Proposed Criminal Court Plan Prompts Concern

Tarrant County commissioners meeting
Tarrant County commissioners meeting | Image by NBC 5 DFW

Tarrant County commissioners will consider a proposal to reorganize many positions in the administration of criminal courts at a meeting on Tuesday, which would result in many positions falling under the administrative authority of the county.

“The judicial branch is the third branch of government,” said Criminal District Court Judge George Gallagher, reported KERA News. “And this is, in my opinion, a potential takeover [with a] chilling effect upon the ability of that branch of government to do its job.”

The administration of the county’s 21 criminal courts is made up of bailiffs, magistrate support officers, case managers, and other functionaries. All these employees are currently overseen by an administrative head who reports directly to the county’s 21 criminal district judges. Gregory Shugart currently holds that position.

The proposed reorganization would see a new department established — the Department of Courts Administration — which would oversee the county’s criminal, civil, probate, and family courts. More than 60 administrative positions in the criminal courts, including the administrative head, would be transferred to this new department.

At issue is the massive growth that the criminal courts’ administration has seen in the last several years. Before October 2019, there were 17 positions in the county’s pretrial program — that number now stands at 28, an almost 65% increase.

Shugart claimed that the increase in staff allowed the pretrial program to operate 24/7.

“Our magistrate support officers do so much more than what the pretrial division did,” Shugart said, per KERA. “They prepare all documentation, run the public safety assessment, make sure everything that the judge needs is prepared and put into a format for the judge to review to make bond decisions.”

Commissioner Alisa Simmons said she was unhappy with how the proposal was handled, taking both the commissioners and the judges by surprise. She claimed she first heard about the proposal, which appears to have been in the works for months, at a March 19 commissioners court meeting.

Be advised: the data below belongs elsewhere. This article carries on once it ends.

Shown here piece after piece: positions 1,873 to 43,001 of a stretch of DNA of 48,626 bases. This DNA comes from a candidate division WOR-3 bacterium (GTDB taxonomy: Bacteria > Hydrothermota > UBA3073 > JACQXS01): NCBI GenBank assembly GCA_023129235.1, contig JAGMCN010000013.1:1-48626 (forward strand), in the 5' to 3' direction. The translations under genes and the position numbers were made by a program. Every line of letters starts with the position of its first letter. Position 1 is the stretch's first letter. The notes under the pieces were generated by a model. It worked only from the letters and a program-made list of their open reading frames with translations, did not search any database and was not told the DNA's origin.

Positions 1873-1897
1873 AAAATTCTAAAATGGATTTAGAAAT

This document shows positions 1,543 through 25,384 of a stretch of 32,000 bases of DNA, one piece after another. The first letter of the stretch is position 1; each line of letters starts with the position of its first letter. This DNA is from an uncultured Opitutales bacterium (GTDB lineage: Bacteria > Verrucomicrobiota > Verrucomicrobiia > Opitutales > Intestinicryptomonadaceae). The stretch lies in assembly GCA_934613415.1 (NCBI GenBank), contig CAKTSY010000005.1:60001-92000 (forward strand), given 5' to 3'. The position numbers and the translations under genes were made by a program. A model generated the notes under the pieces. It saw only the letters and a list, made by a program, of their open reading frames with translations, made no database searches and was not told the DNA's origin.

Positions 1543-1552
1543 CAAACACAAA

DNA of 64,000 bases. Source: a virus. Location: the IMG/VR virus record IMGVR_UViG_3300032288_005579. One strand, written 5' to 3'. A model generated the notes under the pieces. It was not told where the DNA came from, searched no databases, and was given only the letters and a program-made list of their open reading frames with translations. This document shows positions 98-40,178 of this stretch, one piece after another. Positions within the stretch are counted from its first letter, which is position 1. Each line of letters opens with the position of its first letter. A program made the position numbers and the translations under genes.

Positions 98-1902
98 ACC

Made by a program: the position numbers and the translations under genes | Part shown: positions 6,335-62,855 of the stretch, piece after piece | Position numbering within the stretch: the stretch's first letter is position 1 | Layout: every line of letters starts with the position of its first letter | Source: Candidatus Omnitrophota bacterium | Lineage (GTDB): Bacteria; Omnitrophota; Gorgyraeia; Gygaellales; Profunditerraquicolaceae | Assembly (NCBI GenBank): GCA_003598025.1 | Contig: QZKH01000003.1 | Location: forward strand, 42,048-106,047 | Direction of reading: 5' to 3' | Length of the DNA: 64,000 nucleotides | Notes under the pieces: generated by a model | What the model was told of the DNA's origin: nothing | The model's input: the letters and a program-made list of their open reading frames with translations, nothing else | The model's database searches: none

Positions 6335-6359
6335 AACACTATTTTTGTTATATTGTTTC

“This process reflects a disturbing lack of both transparency and professionalism from our new county administrator,” Simmons wrote in a statement, per KERA. “I should have been notified more than two weeks in advance of voting — on a proposed move this significant.”

“It is not the role of the commissioners court to handle the affairs of our judiciary, especially the affairs of our criminal justice system that deals with literal life and death decisions of our citizens every day,” she added.

As previously reported by The Dallas Express, issues around transparency have also plagued Dallas, with polling indicating a broad swath of Dallas residents of various political persuasions desired greater transparency on the part of the City of Dallas. In Dallas, transparency has been a hot-button topic for some because of the City’s long history of fraud, corruption, and bribery cases.

The Tarrant County Criminal Defense Lawyers Association board issued a statement Friday expressing concern that the reorganization proposal was conducted in “secret” without input from the judges and other interested parties. They also echoed Gallagher’s concern about preserving the separation of powers.

County Commissioner Manny Ramirez, however, said he supports the proposal.

“I think the effort here really is just to clean up the system and ensure that courts administration can function as efficiently and as effectively as possible,” said Ramirez, per KERA. “If county administration is proposing organizational changes that will enhance the administration of the justice system and allow us to operate more effectively, then I owe it to the Tarrant County taxpayers to take a look at that proposal.”

According to KERA News, the move will reportedly result in an estimated savings of $173,805.

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